New York State named the Town of Hempstead a Clean Energy Community earlier this month, a designation that qualifies the town for $150,000 in grant funding to pursue additional renewable energy projects.
Hempstead Town Supervisor Anthony Santino made the announcement on March 13 at a news conference at the town’s renewable energy park in Point Lookout, where he was joined by Town Council members Dorothy Goosby and Anthony D’Esposito.
“Our municipal leadership in the field of renewable energy will advance even further thanks to our new municipality’s distinction as a New York State clean energy community,” Santino said. “I am proud that the state recognized our government’s hard work.”
Santino said that the town is the first municipality in Nassau County to earn the distinction by the New York State Energy Research and Development Authority, and qualified for the grant due to its “leadership in the field of renewable energy.”
“We plan to use the funds for solar applications for various town facilities,” Santino said. “Specific sites have not been selected, but we are focused on parks and other government buildings.”
“Congratulations to the Town of Hempstead on their Clean Energy Community designation and for taking control of their clean energy future,” added John Rhodes, president and chief executive officer of NYSERDA. “Under Governor Cuomo’s leadership, we are empowering community leaders to drive broader adoption of renewable energy and clean technologies to protect the environment and cut energy costs.”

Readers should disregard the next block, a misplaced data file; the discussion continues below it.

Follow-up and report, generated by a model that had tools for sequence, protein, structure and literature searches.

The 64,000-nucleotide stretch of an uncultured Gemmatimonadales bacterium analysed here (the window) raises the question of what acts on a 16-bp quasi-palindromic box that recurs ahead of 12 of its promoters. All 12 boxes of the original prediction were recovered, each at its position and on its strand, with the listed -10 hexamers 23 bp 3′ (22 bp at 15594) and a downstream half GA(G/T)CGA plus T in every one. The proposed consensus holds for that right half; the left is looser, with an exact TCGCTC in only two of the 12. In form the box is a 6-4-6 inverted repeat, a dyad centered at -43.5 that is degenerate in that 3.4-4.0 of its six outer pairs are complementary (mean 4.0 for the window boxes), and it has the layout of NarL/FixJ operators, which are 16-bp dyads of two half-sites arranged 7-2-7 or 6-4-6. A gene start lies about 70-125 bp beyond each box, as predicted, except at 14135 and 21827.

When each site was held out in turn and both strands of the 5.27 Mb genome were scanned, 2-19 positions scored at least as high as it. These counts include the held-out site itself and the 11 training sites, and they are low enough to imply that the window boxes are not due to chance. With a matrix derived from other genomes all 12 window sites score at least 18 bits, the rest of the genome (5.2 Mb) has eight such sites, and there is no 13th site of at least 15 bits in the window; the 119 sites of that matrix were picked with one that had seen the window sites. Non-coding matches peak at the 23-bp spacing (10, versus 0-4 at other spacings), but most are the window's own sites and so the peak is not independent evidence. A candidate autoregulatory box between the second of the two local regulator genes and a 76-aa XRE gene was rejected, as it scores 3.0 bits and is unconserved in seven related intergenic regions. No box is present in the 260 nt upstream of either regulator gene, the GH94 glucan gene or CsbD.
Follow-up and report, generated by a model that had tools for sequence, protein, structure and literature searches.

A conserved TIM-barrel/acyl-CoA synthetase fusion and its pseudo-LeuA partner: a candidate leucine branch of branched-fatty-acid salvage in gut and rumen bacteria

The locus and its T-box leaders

Santino said that the town has already established about a dozen solar applications, including a 40Kw unit on the roof of Town Hall, a solar and wind-powered shellfish nursery in Point Lookout, solar car ports and charging stations, hi-tech solar tracking devices at the renewable energy park, a solar field, and a variety of applications at town parks and the municipality’s highway yard.
Santino added that the NYSERDA designation did not come easy, and cited four key initiatives that led to the town’s new status.
First, the town implemented a unified solar permitting initiative, which freezes permit fees for homeowners and business owners who wish to install solar technology at a low rate of $100. The permitting process has also been streamlined for quick processing.
The town also installed a compressed natural gas and hydrogen fueling station that powers natural gas and fuel cell vehicles.
The third effort was the town’s massive conversion of 50,000 streetlamps from conventional bulbs to high efficiency LED fixtures. The town said that the new fixtures would save taxpayers $43 million over 20 years, largely as a result of the reduced energy usage associated with the new lighting elements.
Finally, the state recognized the town’s implementation of energy code enforcement training for the municipality’s building inspectors. The training promotes energy efficient construction of new homes and commercial structures.
“It is exciting to work hard to create a cleaner environment for our families and future generations,” stated Santino.